I find that when someone is interested in whiter teeth, I often get asked the same handful of questions. My hope for this post is to provide information that may answer questions about tooth whitening that you may have, including how it works, its safety, and what to expect as you whiten your teeth.
Types of Stains
Before we can discuss how whitening works, let’s differentiate between the types of stain that darken the appearance of our teeth
- EXTRINSIC: Extrinsic stains are superficial stains within the biofilm on the tooth. These are the stains that can be addressed with home care and professional cleanings.
- INTRINSIC: Intrinsic stains are deep stains within the tooth that cannot be removed with oral hygiene. Stain molecules from foods and beverages penetrate through the enamel into the dentin. Intrinsic stains also result from aging, trauma, and medications. These pigments in the tooth contain double carbon bonds, which absorb light and therefore make the tooth appear yellow or darker.
How Does Whitening Work?
Whitening products contain either hydrogen peroxide (H2O2) or carbamide peroxide. Carbamide peroxide is essentially a slower acting but more stable “form” of hydrogen peroxide (see below).
- Hydrogen peroxide: As hydrogen peroxide is exposed to air (the instant you open your whitening product), it breaks down into water and peroxide radicals (oxygen ions). When present on the tooth, the peroxide radicals diffuse into the tooth. Because the peroxide radicals have unstable electrons, they react with those aforementioned double carbon bonds. This reaction results in single carbon bonds, which reflect light and thus make the tooth appear whiter and brighter!
- Carbamide peroxide: When carbamide peroxide is exposed to air, it breaks down into hydrogen peroxide and urea. Urea slows down the breakdown of hydrogen peroxide (hence: slower acting but more stable than hydrogen peroxide).
How Can I Whiten My Teeth Quickly?
Whitening time is influenced primarily by the following factors:
- Contact time/Frequency
These are self-explanatory and make perfect sense. The longer/more frequent the teeth are exposed to the whitening gel, and the higher the concentration of whitening gel, the faster the teeth will whiten. However, there is no long-term difference in effectiveness between concentration strengths. What would the downsides be of an over rigorous whitening routine? Read on below.
Are There Side Effects with Whitening?
- Tooth Sensitivity: Hydrogen peroxide and biproducts diffuse into the pulp within 5-15 minutes. This causes pulpitis (inflammation of the pulp). The pulpitis does subside once the circulation has enough time to "wash away" the peroxide/biproducts away, which is typically after 12-24 hours, but you may experience tooth sensitivity in the mean time. If tooth sensitivity becomes an issue for you during your whitening process, consider implementing the following:
- Decrease wear time or reduce wear interval (i.e. every other day instead of daily)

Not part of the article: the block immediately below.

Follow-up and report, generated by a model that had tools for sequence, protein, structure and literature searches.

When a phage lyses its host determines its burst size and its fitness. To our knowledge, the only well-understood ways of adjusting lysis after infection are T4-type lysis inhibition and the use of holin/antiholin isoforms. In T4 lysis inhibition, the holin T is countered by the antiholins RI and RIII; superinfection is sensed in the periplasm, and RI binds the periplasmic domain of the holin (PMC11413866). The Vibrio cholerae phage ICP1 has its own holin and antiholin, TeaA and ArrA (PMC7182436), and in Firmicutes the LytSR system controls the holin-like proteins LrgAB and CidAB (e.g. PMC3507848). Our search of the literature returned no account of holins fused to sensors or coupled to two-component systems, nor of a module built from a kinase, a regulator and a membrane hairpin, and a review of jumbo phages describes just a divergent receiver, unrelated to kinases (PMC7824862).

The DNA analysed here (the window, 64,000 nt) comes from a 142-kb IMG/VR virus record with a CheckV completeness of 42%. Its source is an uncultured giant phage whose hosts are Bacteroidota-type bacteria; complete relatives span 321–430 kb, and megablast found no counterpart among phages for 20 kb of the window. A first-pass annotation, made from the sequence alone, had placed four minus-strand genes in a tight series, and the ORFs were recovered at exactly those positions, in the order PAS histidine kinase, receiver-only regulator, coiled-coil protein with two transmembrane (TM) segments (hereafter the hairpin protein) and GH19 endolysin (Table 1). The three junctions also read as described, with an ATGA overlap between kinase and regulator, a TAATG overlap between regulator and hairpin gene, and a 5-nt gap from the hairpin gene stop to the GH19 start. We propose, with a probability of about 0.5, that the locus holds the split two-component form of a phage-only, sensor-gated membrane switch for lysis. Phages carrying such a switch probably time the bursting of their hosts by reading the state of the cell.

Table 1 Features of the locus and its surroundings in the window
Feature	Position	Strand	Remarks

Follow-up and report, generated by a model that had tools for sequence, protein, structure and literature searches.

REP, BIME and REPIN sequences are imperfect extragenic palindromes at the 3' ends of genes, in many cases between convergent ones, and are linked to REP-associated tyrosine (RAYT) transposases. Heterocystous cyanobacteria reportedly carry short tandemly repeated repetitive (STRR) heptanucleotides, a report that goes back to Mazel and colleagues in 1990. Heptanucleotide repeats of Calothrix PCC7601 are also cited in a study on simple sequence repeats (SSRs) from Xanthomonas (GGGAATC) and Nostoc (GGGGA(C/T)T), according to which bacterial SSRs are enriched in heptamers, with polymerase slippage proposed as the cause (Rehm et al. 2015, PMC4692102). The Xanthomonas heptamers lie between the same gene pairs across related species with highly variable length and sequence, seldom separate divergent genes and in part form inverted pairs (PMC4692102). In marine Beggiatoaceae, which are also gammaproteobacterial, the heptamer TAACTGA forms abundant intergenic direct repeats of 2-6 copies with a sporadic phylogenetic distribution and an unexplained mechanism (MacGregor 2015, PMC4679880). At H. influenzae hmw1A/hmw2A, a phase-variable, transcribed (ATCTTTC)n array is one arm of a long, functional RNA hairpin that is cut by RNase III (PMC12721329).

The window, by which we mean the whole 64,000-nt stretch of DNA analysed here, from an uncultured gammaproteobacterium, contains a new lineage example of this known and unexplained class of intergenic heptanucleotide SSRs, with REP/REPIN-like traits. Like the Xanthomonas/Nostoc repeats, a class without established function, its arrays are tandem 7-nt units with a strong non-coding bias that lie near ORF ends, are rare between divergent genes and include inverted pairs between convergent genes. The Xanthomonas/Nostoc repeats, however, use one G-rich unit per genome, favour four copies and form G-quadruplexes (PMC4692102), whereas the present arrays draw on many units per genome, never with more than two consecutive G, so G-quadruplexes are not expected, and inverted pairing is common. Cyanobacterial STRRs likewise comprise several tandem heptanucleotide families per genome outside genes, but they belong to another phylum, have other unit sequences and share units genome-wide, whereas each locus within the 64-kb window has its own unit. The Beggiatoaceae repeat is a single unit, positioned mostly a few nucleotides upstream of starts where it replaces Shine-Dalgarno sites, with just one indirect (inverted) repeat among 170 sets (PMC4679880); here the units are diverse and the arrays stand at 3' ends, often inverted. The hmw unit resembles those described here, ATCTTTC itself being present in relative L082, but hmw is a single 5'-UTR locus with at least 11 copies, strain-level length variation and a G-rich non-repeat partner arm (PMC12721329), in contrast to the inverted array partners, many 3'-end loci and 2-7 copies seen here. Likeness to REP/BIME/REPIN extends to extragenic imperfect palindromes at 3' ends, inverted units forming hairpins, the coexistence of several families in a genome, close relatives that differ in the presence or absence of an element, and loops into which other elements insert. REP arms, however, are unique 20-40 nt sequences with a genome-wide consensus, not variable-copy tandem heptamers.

- Decrease bleach concentration
- Toothpastes marketed for tooth sensitivity (see here)
- Gingival Irritation: In the concentrations used for whitening, hydrogen peroxide and carbamide peroxide can cause gingival irritation or burning. If you have custom whitening trays, it is easy to wipe the excess whitening gel off of the gingiva once the trays are seated on the teeth to avoid gingival irritation.
Is Whitening Safe?
There are just a few specific exceptions/contraindications for whitening due to safety:
- If saturation point is reached and the teeth no longer contain any stain molecules, bleaching then results in breakdown of enamel. (Note: Research shows that loss of calcium from teeth and decrease in microhardness do occur with exposure to peroxides in the absence of saliva. However, this demineralization is not seen in the presence of saliva, ie normal oral environment)
- Chronic exposure of peroxides should be avoided in tobacco users due to concerns that peroxides may potentiate the effect of other known carcinogens
- Although bleaching gels are primarily applied to front teeth where there usually are no silver amalgam restorations, having many amalgam restorations may be considered a contraindication for whitening because mercury may be released in presence of H2O2 or carbamide peroxide.
Do whitening toothpastes and mouthwashes work?
Whitening toothpaste and mouthrinses act, for the most part, by removing superficial stains. Some whitening toothpastes now contain hydrogen peroxide, but likely the concentration and contact time will be ineffective to obtain the whitening that most hope to obtain when they think of whitening.
How Long Does the Whitening Last?
I have heard various answers to this question. One lecturer reported 5-15 years, another lecturer quoted a study that said at 1.5 years, 74% of patients were satisfied with shade lightening. At 3 years, 76% were satisfied. Variation, obviously, will be greatly dependent on patient factors that lead to staining.
Anything Else to be Aware of?
Whitening can compromise the bond strength between a tooth and composite restorations. I recommend waiting a minimum of 2 weeks following whitening before any new bonded restorations are placed.